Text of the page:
Lone Scherfig is a Danish writer and director. Her many acclaimed films include Italian for Beginners, the fifth official “Dogma” film, which won three awards at the Berlin International Film Festival; her first English-language film, Wilbur Wants To Kill Himself; and the 2010 movie An Education, which won Sundance’s audience award and received nine BAFTA nominations and three Academy Award nominations for Best Picture, Best Adapted Screenplay (Nick Hornby) and Best Actress (Carey Mulligan). Her latest film, The Kindness of Strangers, starring Zoe Kazan, Tahar Rahim, Andrea Riseborough, Bill Nighy, Caleb Landry Jones, and Jay Baruchel, is in select theaters through Vertical Entertainment from February 14.
Outside festival screening rooms, in corridors that are sometimes at a rundown school, or an art house cinema, or sometimes even at a former opera house, I often stand and wait for the ending of the film I’ve directed. I can hear the film and the audience behind the door. I am about to give the As in the Q&A.
The final scene of my latest movie, The Kindness of Strangers, is a low-key comedic interaction between Bill Nighy and Caleb Landry Jones, two of the world’s finest actors. Bill is very British, shy and elegant, modest and underplayed. Caleb is from Texas, a method actor who is completely absorbed in his role, wild and unpredictable, religious. I still don’t know if I’ve ever truly met Caleb, or just a hybrid of him and his character, but I was overwhelmed with emotion and respect the second he walked in the door. The only time he and Bill acted alone together in The Kindness of Strangers was for that last scene. I looked forward to shooting it for weeks. The experience of watching them try out the dialogue, begin to trust one another, fall for each other’s sense of humor, and together add substance and detail to the scene, was as blissful as I had hoped it would be. I asked Caleb and Bill to do just one or two rehearsals and interfered very little, as I did not want to complicate things or leave a sticky director’s fingerprint on their filigree work.
The last time I was in one of those corridors, it was in Gothenburg, Sweden, and I was listening to Caleb in the scene. His character, Jeff, is carefully carrying the film’s most expensive prop – a Bulgarian bass balalaika the size of a giant stingray – through the entrance to the restaurant where he’s the new doorman. The balalaika has Bill Nighy’s birth year hand-painted on it: 1949. I remembered that, unlike his character Jeff, Caleb could actually play the balalaika. Caleb’s mother is a music teacher and he seemingly can pick up any instrument, claiming he can’t play, then somehow be able to play it 10 minutes later. Fairies stumbled over his Texan crib when he was born, spilling many talents all over him. When Caleb and Bill met, Bill sensed this – and Caleb’s fragile, sensitive kindness – after two minutes.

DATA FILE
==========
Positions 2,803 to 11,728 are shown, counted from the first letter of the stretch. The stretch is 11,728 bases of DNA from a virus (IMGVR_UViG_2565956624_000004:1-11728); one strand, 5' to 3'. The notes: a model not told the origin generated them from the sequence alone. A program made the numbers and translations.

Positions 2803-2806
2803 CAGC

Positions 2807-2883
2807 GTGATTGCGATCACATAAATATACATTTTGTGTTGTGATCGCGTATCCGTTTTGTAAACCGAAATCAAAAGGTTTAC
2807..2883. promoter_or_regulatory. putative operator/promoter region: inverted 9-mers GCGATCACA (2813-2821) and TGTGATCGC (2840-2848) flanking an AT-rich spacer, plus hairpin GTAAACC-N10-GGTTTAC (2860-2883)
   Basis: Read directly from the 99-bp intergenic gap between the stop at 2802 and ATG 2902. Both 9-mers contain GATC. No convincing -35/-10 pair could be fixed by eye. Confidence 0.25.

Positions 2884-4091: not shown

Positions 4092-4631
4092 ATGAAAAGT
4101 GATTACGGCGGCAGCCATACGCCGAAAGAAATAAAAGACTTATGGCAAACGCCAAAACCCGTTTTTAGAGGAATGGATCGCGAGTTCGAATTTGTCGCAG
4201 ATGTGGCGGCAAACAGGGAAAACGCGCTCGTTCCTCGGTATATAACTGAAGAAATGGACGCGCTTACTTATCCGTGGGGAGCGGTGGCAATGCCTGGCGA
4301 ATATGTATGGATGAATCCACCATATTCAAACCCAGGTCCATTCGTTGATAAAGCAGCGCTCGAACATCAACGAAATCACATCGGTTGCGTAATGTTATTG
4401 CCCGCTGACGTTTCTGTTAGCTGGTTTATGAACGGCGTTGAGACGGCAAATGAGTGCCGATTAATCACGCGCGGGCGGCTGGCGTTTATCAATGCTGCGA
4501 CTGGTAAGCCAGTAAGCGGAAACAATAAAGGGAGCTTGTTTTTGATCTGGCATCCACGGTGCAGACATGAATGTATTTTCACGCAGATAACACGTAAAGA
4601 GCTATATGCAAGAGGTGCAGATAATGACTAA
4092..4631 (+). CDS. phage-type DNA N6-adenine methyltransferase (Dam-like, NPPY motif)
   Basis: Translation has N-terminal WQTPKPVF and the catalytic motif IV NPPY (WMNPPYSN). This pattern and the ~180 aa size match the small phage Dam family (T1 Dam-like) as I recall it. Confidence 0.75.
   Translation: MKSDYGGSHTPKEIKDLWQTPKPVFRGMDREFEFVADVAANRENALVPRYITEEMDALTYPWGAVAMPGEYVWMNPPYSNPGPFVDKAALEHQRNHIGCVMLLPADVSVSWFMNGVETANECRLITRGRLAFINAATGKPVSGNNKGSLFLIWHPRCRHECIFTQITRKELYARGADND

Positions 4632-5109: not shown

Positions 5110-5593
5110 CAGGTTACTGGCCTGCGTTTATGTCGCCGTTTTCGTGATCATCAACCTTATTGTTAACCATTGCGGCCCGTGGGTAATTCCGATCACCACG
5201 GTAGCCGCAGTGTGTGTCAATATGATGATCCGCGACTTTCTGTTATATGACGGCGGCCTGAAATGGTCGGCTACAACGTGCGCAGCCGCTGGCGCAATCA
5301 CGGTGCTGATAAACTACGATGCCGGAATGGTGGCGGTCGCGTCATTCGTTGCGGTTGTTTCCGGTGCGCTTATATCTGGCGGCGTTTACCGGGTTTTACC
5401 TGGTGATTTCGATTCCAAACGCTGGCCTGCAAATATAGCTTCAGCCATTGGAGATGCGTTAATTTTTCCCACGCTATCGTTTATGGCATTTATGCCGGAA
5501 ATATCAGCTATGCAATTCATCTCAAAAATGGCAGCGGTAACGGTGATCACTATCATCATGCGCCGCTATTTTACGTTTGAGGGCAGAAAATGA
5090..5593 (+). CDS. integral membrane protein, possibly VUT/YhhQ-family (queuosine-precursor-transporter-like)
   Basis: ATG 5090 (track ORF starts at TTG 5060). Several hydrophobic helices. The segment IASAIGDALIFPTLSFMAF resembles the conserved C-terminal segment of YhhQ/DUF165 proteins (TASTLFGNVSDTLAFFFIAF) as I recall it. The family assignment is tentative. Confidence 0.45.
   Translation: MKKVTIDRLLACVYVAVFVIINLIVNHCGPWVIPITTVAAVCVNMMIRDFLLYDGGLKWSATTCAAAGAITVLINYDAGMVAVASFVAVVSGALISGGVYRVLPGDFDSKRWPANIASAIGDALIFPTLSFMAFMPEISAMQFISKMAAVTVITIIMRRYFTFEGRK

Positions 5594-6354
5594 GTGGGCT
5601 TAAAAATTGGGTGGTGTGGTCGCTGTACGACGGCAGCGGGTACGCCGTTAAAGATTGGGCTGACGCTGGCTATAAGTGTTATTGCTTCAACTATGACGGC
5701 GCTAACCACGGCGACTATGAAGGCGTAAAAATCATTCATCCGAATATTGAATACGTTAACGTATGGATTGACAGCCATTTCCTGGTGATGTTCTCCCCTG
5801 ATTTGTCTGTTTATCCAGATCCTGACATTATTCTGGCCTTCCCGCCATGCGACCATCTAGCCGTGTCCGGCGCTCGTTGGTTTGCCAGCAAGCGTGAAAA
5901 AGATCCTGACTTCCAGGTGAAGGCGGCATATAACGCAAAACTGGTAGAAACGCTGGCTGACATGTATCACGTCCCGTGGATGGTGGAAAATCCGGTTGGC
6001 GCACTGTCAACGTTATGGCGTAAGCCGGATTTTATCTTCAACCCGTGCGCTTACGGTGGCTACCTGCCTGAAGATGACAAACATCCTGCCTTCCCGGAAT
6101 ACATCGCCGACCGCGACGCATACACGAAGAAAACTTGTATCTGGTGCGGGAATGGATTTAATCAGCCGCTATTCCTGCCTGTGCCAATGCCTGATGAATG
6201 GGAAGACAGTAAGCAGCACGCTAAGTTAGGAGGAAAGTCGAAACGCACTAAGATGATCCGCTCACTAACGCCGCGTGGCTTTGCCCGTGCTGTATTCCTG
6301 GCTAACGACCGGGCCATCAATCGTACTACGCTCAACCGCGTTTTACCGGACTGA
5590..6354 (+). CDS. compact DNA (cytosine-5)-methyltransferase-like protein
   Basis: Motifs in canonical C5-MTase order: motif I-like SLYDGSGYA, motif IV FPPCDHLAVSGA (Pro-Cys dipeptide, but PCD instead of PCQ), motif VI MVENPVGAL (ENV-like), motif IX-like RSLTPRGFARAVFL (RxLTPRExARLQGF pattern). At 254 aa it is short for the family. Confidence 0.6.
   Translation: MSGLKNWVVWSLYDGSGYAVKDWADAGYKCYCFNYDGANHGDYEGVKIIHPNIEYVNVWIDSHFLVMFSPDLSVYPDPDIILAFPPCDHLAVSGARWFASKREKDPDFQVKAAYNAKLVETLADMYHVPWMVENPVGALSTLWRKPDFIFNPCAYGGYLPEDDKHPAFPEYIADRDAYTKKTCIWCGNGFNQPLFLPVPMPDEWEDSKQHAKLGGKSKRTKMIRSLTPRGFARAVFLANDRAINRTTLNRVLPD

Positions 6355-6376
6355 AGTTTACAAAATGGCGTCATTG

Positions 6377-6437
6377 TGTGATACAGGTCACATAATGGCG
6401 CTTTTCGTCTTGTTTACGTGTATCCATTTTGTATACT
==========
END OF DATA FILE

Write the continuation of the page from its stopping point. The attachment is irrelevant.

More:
Bill’s lines in this last scene are dry and disengaged, but in my corridor, I hear people laughing at the exact moments I’d hoped they would. Bill’s character, the restaurant owner, doesn’t interact with other human beings if he can avoid it. He just wants to get back to his book. Like Bill, the character almost always carries a novel with him, even while waiting tables in the restaurant. He has either William Gibson’s All Tomorrow’s Parties or Günter Grass’ The Tin Drum. The Gibson book was Bill’s idea, and The Tin Drum was in my handbag the day someone forgot to bring All Tomorrow’s Parties to the set. Though almost imperceptible, the book waiting on the chair behind Bill creates a nice distance between him and Caleb in the scene. Still, there’s a sense that we’re watching what could perhaps be the beginning of a beautiful friendship. I love odd couples in films, and endings which point forward.
These days, when every not so low-budget, not so high-profile film takes financing from many soft and hard money sources who all should rightfully be thanked, the credits in movies seem endless. I try to convince myself that the audience needs a moment to themselves and may even be drying their eyes, rather than simply being bored. Five minutes of the film’s music plays under the credits. Finally the score gets to fill the room without having to compete with any other sound.
Music recording sessions are probably the best, happiest days of my work life. I always miss the composers when I’m standing there waiting to do my Q&A. While I listen, trying not to be nervous, and reminding myself that the film can’t be reedited now – that it’s the audience’s, not mine – I passive aggressively watch the smokers hurry out. Those who are running to a different festival screening sneak out too, along with those who have babysitters. Also leaving are those who don’t like Q&As, because it’s the film they care about. Not actors who may be very different from their characters. Not directors who should have stayed behind the camera sharing anecdotes or regrets.
In the car back to the hotel, I sometimes forget to be grateful to the audience, the curators, to film festivals in general. Because I’m just sitting there, trying to figure out how I can get to work with Bill and Caleb again.
Featured image by Per Arnesen.